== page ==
Concept vs Content-Driven Curriculum

Concept vs Content-Driven Curriculum – Part One

This is Part One of a slightly edited text of a talk I gave recently at School Matters, an event in Zug hosted by the SwissLinked, a professional networking organisation. The title of my talk was Concept vs Content-Driven Curriculum and it explains the thinking behind one of the main elements of the International Baccalaureate Programmes.

How many entries are there in Wikipedia today? There are well over 4 million.
Today, how long do you think it would it take you to discover a fact? You can get millions of results in less than half a second for a common search term (e.g. ‘middle school education’ yields 411,000,000 hits in 0.46 seconds).

cc licensed ( BY NC ND ) flickr photo by chuq

How much of that knowledge is worth knowing and to what end?

What we study at school has many purposes. One is certainly to create better citizens of whatever country you are in, in other words knowing your own history is certainly important in becoming a “Canadian” or a “Swiss” (it’s the national narrative of how we got to be who we are). We also know that this narrative is by definition selective and leaves out as much as it includes, for the simple fact that you cannot possibly cover everything that ever happened. What we do choose to include and what we choose to leave out is an important subject in and of itself, but it is not the topic of today’s presentation.

Another goal of schooling, that we set for ourselves, is to create better world citizens (not just national citizens), capable of empathy, compassion and willing to accept different cultures. In our globalised world, this is increasingly important.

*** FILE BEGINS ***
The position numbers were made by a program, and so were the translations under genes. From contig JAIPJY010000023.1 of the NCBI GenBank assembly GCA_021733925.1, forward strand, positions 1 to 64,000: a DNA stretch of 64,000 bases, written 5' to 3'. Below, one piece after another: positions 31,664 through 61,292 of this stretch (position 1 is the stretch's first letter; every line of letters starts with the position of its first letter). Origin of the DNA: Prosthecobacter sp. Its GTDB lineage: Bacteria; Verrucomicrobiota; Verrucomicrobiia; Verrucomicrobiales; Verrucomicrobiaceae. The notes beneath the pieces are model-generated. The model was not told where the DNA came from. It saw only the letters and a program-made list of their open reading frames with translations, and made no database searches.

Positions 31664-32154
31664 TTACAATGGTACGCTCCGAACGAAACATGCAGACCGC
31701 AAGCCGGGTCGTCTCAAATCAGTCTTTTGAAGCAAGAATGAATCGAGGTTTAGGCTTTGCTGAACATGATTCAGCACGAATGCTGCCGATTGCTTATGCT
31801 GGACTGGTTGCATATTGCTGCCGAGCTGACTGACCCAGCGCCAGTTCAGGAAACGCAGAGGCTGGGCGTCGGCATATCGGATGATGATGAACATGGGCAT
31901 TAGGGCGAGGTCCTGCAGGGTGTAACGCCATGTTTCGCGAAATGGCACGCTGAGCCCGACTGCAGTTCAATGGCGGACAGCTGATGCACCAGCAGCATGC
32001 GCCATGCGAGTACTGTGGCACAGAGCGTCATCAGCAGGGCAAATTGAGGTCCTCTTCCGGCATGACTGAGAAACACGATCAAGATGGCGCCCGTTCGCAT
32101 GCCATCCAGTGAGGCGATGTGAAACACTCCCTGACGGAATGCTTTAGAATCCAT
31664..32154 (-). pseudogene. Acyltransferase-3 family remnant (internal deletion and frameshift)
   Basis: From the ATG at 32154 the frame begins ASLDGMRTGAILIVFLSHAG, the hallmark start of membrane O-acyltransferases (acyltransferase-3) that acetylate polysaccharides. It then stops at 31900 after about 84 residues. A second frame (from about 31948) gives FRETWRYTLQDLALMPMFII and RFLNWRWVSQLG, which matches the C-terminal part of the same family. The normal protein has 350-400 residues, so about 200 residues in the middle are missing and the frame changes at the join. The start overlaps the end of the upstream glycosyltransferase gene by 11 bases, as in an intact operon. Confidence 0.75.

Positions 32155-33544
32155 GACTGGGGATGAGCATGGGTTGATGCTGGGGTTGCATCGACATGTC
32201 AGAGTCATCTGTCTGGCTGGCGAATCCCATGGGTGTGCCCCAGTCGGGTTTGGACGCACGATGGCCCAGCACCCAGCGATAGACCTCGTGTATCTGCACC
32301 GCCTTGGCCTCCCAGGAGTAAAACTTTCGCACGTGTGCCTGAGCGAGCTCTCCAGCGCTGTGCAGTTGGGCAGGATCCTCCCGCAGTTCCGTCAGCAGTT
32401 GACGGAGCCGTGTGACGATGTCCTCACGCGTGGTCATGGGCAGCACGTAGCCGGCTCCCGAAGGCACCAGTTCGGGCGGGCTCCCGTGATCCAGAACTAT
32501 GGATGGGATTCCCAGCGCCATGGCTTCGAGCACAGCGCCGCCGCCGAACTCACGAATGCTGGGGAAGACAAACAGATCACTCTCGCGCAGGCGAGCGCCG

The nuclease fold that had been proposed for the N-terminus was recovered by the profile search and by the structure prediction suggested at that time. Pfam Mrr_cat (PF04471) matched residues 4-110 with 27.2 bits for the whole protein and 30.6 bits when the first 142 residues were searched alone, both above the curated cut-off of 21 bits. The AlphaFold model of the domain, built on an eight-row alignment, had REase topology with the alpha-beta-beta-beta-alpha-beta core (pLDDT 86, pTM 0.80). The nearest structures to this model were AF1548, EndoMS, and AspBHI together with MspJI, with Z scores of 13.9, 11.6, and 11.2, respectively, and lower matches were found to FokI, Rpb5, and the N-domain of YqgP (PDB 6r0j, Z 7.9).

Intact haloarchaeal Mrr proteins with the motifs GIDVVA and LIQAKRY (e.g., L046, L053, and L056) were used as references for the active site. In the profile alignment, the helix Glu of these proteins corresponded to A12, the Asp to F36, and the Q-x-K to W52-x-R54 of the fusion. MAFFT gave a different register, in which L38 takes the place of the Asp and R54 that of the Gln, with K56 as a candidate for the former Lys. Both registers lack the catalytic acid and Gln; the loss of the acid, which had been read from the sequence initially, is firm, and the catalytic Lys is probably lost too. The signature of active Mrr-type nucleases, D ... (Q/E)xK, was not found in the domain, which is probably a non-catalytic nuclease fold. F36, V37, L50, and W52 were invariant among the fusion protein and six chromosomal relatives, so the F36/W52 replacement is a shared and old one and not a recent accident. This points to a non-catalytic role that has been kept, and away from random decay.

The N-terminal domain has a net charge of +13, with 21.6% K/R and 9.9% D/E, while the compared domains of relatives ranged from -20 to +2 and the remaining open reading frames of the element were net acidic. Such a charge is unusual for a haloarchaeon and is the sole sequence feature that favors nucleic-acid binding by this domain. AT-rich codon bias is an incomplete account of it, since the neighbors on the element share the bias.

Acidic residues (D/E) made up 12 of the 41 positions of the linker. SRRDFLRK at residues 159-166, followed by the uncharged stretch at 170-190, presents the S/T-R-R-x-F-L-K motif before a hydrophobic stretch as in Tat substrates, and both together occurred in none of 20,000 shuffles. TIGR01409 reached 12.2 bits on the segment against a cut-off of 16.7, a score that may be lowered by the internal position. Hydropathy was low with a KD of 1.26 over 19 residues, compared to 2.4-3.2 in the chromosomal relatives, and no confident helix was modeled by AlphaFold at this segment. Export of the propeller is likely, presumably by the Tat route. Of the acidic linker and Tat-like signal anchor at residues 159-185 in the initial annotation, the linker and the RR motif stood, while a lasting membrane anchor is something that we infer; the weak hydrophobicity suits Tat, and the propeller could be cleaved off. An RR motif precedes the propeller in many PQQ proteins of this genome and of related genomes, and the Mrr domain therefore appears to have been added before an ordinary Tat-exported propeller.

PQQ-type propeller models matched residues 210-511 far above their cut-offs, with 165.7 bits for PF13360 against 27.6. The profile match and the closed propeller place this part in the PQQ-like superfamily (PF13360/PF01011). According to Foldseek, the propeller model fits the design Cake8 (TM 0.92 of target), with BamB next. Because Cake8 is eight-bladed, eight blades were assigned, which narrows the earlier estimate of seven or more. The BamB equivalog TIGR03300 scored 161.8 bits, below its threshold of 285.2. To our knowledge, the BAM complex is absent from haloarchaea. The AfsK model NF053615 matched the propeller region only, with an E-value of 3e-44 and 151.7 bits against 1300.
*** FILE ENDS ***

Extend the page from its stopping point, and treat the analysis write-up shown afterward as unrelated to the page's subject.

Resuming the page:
cc licensed ( BY NC SA ) flickr photo by Richard.Asia:

Another purpose of schooling is to create better employees

Another purpose of schooling is to create better employees, or at least people who are well equipped to contribute to, and to be successful actors in, the economy of tomorrow (if only we knew what that was going to look like).

These three goals are important, and they are probably related in important ways, but if we focus on what we want schools to teach our students so that they are ready to tackle the intellectual challenges they will face when they graduate then I suggest we look at how we can reach this goal. And this means looking at what we set out to teach students in school, and so today we will look at the written curriculum. The written curriculum embodies what we have deemed for our students as worthwhile to know.

I’m going to speak today about how one might organise the written curriculum. The title of my presentation is perhaps not quite correct (although I was the one who came up with it) as it might lead you to think that I am going to argue for a curriculum that focuses on concepts at the expense of content or facts, or that facts are somehow not what students should be learning. I will not argue this. What I will argue is that facts alone do not prepare students as well as they could be, and probably not as well as they need to be prepared for the 21st Century.

I’m going to focus on this aspect of education at school (specifically kindergarten to Grade 12), but successful schools are based on much more than this one aspect.

Today, there is an ever expanding pool of knowledge and experts are more likely to focus on not just knowing but also what we do with that knowledge, and they ask is “knowing,” in the sense of having a command of facts, enough? In the age of Wikipedia, is knowing facts really that useful at all when whatever you want to know you can find online is seconds? If what is knowable continues to grow, and arguably has grown exponentially since we started living in the information age, do we simply keep adding to the list of things we expect students to learn at school? More and more facts to be remembered? Where does it end?

What if quantity of facts known is not the measure? Or not the measure of a person who is going to be able to navigate the ‘knowledge’ economy’ of today and whatever it will be tomorrow?


cc licensed ( BY NC ND ) flickr photo by James Good:


photo credit